Crossing the Santa Barbara Channel on a Mystere 6.0
    http://www.thebeachcats.c…hives/v5-i1/feature1.htm


    Anacapa Island
    A Bonus Trip to Close the Season
    http://www.thebeachcats.c…ire/catsail/feature1.htm

    --
    Damon Linkous
    1992 Hobie 18
    Memphis, TN

    How To Create Your Signature

    How To Create Your Own Cool Avatar

    How To Display Pictures I…he Forums in the forums.
    --
  • And good info from Bill Mattson in this forum topic from 2012

    http://www.thebeachcats.c…nc=viewtopic&topic=13363

    --
    Damon Linkous
    1992 Hobie 18
    Memphis, TN

    How To Create Your Signature

    How To Create Your Own Cool Avatar

    How To Display Pictures I…he Forums in the forums.
    --
  • I've been in contact with Bill. He suggests Catalina as the better choice this time of year and is emailing me a take with list. I checked historical wind data and he's correct. http://www.wunderground.com/history/ More consistent winds out of the West and maybe even higher average speed for Catalina. Santa Cruz Island plot is highly scattered direction with Westerly picking up in the afternoon iffy. It does show max wind around 100mph for a number of years during November!

    As for Santa Cruz camping, sites are 1/4 mile up the valley and since it's off season I don't expect them to care if you camp on your boat or not.
  • just moving up Bill Mattson's posting directly into this thread since it has a lot of MUST-READ info. A few other things that came to my mind mentioned in other postings:

    - hand bearing compass
    - anchor
    - trolling motor
    - paddles
    - PVC pipes to roll cat onto the beach that can be stored in hulls

    Bill used a SPOT locator so families could track and communicate. Delorme's InreachSE is a little step up that I am considering. Both require either an annual subscription or a slightly more expensive monthly payment (can be turned off or on at will). In his accounts Bill also stresses the importance of planning landing times, watching tides etc. washing up against rocks, preparing for rocky beaches.

    Bill Matton's posting from 2012 in response to another request by a cat sailor (shaddo) here:

    "I've been beachcat sailing to the Channel Islands for about 10 years. The majority of the trips have been to Santa Cruz Island, and I think I've hit about every land-able beach with trips originating from both Ventura and Santa Barbara. Also a couple of trips to Santa Rosa island, and one unsuccessful attempt from Santa Rosa to San Miguel. Finally, if memory serves, I've done three trips to Catalina. I've never attempted to doing a solo trip.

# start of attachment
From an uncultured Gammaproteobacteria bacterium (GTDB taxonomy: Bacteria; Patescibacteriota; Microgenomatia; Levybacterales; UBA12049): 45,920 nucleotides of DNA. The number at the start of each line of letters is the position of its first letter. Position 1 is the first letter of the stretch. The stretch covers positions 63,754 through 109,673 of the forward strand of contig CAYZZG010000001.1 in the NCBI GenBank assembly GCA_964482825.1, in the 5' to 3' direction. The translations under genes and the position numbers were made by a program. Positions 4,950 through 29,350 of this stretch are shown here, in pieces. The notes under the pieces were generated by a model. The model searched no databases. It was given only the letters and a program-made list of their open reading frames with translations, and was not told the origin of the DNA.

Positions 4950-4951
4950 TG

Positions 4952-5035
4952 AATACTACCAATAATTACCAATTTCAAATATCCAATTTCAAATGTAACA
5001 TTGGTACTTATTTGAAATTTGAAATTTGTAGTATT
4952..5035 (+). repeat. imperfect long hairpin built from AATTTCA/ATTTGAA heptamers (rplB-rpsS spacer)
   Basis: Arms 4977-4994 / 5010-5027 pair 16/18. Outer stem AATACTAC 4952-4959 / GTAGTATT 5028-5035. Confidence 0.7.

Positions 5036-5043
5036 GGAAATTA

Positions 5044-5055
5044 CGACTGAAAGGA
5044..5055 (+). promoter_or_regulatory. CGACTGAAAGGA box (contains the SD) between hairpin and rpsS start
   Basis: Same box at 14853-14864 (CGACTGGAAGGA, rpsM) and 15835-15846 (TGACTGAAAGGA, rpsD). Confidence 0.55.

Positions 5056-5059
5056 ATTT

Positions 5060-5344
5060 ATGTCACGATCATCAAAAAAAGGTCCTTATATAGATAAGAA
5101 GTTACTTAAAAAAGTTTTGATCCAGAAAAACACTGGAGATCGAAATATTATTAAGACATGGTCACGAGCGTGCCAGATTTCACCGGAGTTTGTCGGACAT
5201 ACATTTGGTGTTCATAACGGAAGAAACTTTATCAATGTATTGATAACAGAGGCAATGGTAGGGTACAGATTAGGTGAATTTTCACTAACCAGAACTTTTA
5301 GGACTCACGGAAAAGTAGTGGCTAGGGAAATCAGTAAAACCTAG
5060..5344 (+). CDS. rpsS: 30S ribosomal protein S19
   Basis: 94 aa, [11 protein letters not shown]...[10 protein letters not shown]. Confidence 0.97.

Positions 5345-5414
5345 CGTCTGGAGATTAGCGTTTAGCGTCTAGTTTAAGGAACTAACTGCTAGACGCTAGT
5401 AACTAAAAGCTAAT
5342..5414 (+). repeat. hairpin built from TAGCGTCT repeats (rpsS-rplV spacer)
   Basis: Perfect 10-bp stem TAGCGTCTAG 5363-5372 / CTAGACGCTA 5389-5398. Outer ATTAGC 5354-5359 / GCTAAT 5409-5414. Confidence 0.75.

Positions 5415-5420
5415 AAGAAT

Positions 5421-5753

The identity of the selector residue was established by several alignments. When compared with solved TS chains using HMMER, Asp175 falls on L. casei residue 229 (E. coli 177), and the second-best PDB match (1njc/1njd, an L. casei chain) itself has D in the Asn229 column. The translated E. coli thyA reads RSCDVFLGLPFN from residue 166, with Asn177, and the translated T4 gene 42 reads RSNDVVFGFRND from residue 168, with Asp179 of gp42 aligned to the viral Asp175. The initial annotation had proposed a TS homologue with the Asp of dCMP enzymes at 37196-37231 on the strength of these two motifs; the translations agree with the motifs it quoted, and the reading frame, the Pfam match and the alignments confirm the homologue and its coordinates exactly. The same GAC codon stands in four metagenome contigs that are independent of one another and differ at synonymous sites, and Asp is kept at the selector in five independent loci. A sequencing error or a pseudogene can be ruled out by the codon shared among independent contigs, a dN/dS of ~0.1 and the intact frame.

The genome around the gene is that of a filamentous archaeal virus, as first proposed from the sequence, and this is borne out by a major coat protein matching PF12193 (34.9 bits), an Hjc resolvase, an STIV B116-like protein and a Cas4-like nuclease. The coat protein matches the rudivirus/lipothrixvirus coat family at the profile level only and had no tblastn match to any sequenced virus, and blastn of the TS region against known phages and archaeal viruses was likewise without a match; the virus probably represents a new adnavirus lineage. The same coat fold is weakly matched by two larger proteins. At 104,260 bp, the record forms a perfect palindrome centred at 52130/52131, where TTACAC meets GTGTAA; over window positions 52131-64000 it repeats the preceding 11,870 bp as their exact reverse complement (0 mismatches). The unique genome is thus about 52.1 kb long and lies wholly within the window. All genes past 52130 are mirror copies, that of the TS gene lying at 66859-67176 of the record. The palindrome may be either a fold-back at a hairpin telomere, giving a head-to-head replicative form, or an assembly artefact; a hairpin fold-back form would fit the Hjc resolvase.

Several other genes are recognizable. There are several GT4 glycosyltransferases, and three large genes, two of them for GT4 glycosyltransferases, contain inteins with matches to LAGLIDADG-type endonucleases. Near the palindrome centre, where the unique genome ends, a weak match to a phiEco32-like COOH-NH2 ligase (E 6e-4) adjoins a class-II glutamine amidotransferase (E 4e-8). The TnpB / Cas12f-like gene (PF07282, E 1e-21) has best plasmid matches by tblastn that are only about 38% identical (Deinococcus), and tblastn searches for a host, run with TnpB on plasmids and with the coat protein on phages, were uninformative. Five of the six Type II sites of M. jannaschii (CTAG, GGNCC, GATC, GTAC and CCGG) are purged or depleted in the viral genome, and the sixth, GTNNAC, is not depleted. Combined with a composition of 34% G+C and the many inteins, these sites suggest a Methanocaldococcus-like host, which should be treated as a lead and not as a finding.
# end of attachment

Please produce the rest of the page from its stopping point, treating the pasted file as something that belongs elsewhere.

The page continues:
The fact that you are looking for advice reveals that you are taking this endeavor seriously. It is an aggressive undertaking. I have no idea what your experience and skill level is, offer the following for your information only, and do not mean to either discourage or condone your trip.

    All that being said, here is some stuff off the top of my head, in no particular order...

    The majority of the trips I've taken have been on Gary Friesen's late, great Mystere 6 meter "Whisk". The last few years, I've been doing them on my Hobie 18. The Mystere was a truck compared to the Hobie in that it had way more carrying capacity. The Hobie 18 is a dog with a 2 man crew, camping gear, and a 4 day supply of food, beverage, supplies. Still both boats have considerably more bow buoyancy than the Hobie 16.

    Your main focus should be keeping the weight down. If you are going solo, you've already shed 100+ lbs. Also, with food and water available on the island, you won't have to carry as much. I'm not sure I would attempt a full blown camping trip on a H16 to the other islands which are primitive. Depending on your signaling gear, you'll want at least enough food and water to ration over as much time as you think you could possibly be stranded at sea or on a remote part of the island if you have an equipment failure.

    Weather; Watch it closely. If a front is in the area, or has recently passed through, you run the risk of too much wind or too little. A trip last fall on the H18 after a storm front came though resulted in a 12 hour crossing, an island landing in the dark, and a $700+ towing bill on the way home. Which reminds me: Consider a BoatUS membership.

    You should be heavy weather savvy and know the options available on your boat. For example, if you are not familiar with traveling out, and sheeting IN the Hobie 16 mainsail to de-power it, you need more practice in heavy air. I was not familiar with this concept back in the mid ninties when I entered the Milt Ingram race in 30+ knots on a H16, and got a ride home from the CG. These days, I'm certain I would have gotten back on my own.

    The H16 is an overpowered boat. If you do not have reef points and a way to reef your mainsail, consider having a sailmaker install them, and come up with a reefing system. You cannot furl your jib, which is a disadvantage. You've got the option of lowering your main and sailing on jib alone. Lowering the main on a H16 at sea would be challenging, especially in the conditions that would warrant it.

    Do not attempt the crossing unless you can right the boat yourself. You'll need a water bag, righting pole, or Solo~Right. In very heavy wind and waves, the rules change on righting a Hobie 16. I have more details on that if you need them.